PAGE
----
Global warming is clearly one of the pre-eminent environmental challenges of our time. Yet, when some federal regulators are presented with an opportunity to meet the challenge, they prefer to do nothing.
I have a simple rule of thumb to decide how to vote on the ever-more-complicated, ever-more numerous propositions that infest the ballot here in California come election time. It is this: Anything that is supported by the Howard Jarvis Taxpayers Association is something that I will enthusiastically vote against. The late Mr. Jarvis and a co-conspirator named Paul Gann managed to get a property tax measure passed in 1978 that ruined the public schools in our fair state and caused much other mischief that we still suffer from.
The movie "Three Kings" (1999), which follows a trio of American soldiers involved in the first Gulf War, contains an apt, if heavy-handed, metaphor about America's dependence on oil: an Iraqi torturer forces the black goo down an American prisoner's throat, making him gag.
Once upon a time, in a far-away rectangular state, there was a power source so pure it left no waste and would never run out. And from it sprang the modern environmental movement, not to welcome it, but to kill it dead.
Since the 1930s—following decades of shooting, trapping, and poisoning—Colorado has been a wolf-free zone. There are two ways wolves can return to Colorado: with human help, or under their own power. The Department of the Interior over the last few months made decisions calculated to block both avenues of return.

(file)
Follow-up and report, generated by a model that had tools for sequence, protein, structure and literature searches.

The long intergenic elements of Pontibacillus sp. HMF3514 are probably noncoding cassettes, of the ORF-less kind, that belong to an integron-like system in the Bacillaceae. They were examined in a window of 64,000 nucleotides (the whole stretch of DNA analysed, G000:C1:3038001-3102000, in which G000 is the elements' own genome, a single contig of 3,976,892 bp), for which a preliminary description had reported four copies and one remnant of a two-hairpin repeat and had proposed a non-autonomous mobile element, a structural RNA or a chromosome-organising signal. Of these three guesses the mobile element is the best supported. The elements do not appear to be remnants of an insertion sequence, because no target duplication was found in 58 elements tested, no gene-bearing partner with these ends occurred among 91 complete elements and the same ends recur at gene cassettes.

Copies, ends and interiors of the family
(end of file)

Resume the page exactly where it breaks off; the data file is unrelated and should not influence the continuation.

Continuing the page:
With late winter, sunlight returns to the North Pole, revealing an ice-bound ocean that looks deceptively like it always has—a frozen, pristine wilderness. Deceptive, because profound and rapid change is underway from the forces of climate change and our relentless quest for energy.
The Bush Administration's hostility to environmental protection is not news. But seeing the numbers in black and white (or, as in this chart, in red and green) is startling. Created by the Appropriations Committee of the U.S.
We've had a spate of stories here in northern California about the crash of the fall run of king salmon returning to spawn in the watershed of the Sacramento River. Historically, many hundreds of thousands of the fish would return annually; this year the count was around ninety thousand, which spells disaster for salmon fishermen up and down the coast. It is also one more indicator that the river system, and the Sacramento-San Joaquin Delta in particular, is very sick, largely because of the enormous volume of water diverted via giant pumps for agricultural and domestic use.